Leaders and Fake News – Introducing Leadership Essential #4


Good morning! Fall is here in Charlottesville. This time of year reminds me of one of the happiest days of my life – two years ago.

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On to leaders and fake news . . .
“But Mr. Immelt didn’t like hearing bad news, said several executives who worked with him, and didn’t like delivering bad news, either. He wanted people to make their sales and financial targets and thought he could make the numbers, too, they said.”
This quote comes from a Wall Street Journal article I’ve been saving since it was written this past February. It profiled Jeff Immelt, GE’s former CEO for 16 years. Do you know the legacy of this CEO who preferred false good news to truthful bad news? A stock price that fell 30% . . . while the rest of the market grew 124%.
This is an excellent example of a leader not applying Leadership Essential #4:

Leaders Pursue Truth.

(The introduction of this Leadership Essentials series is here and, ICYMI – #1, #2 and #3 so far in the series.)
Real leaders pursue truth! They make decisions and give direction based on the most accurate set of facts they can gather – not on just (the good) part of the facts, not on assumptions, and not on stories they make up in their heads based on their desired reality.
While it might seem obvious that Leaders should pursue truth, many do not – every day. What do they do instead? They:

  • Act off the hearsay of others
  • Make assumptions so they appear to “have it figured out”
  • Filter to hear only the truth they like

I can hear a leader bringing a particular challenge to me now . . .

Leader: I heard such and such from so and so . . .
Me: Is that true?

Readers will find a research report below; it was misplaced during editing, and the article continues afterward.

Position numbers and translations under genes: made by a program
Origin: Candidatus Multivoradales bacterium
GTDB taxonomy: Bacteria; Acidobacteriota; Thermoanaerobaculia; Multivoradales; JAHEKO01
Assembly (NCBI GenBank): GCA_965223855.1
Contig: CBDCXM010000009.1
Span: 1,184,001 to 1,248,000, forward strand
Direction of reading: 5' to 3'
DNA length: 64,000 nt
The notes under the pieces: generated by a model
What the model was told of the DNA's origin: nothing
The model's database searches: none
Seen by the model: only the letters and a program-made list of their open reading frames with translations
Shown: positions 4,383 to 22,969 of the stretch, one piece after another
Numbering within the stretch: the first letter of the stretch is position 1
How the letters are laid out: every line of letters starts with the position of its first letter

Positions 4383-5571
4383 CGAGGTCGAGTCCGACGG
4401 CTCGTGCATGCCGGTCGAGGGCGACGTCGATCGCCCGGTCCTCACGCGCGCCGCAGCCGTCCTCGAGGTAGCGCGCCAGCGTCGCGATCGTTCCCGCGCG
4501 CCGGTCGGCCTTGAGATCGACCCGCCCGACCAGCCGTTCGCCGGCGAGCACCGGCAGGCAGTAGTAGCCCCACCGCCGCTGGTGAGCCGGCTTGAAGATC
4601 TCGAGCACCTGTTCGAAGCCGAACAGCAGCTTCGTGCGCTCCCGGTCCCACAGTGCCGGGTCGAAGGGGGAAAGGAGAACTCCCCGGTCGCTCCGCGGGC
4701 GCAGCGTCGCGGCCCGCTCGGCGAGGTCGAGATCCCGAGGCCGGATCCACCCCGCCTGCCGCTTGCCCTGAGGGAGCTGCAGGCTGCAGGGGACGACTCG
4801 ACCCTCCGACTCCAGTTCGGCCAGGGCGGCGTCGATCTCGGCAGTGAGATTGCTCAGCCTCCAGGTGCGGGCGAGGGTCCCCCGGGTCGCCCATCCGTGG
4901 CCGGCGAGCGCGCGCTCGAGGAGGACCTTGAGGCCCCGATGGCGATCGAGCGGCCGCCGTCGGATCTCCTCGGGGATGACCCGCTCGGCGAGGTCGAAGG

Leader: I don’t know.
Me: What have you done to try and find the truth?

Ray Dalio may be the poster boy for Leaders who Pursue Truth. The first of his “Life Principles” is – “Embrace reality and deal with it.”
He goes on to say that “Truth, or, more precisely, an accurate understanding of reality, is the essential foundation for any good outcome.” What leader, desiring the best possible outcome, would not want to have as accurate an understanding of the facts as possible?!
One of the earliest leadership maxims I recall learning as a young Army officer was this one —

Great leaders surround themselves
with people who aren’t afraid
to tell them their breath stinks!

Here are three ways to pursue truth as you lead:

  1. Make it clear. Communicate to those around you that you always want as accurate a report of the facts as possible. Repeat.
  2. Keep digging. Act like a detective to pursue truth. Push your people to do the same.
  3. Don’t punish publicly. Avoid punishing the messenger in front of others for a message you don’t want to hear.

Be a leader who pursues truth and is always truthful.

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Speaking of truth, my last blog about political role models (not!) seemed to ring true for many of you. Thank you to all who wrote me in response. Randy Syring wrote:
“Rob – in your post, you got pretty close to defining Radical Candor.  If you haven’t seen this, I’d recommend taking a look.”
I agree. Check it out.

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Finally, this has been one of our busiest years ever at the McKinnon Group — working one on one with CEOs and senior executives around the country, and one on many in workshops with companies seeking to grow or change their cultures.
We are finally seeing some daylight in our calendars in the coming months. So let us know if you would like to have a conversation about how we might help you or your company.
Lead well.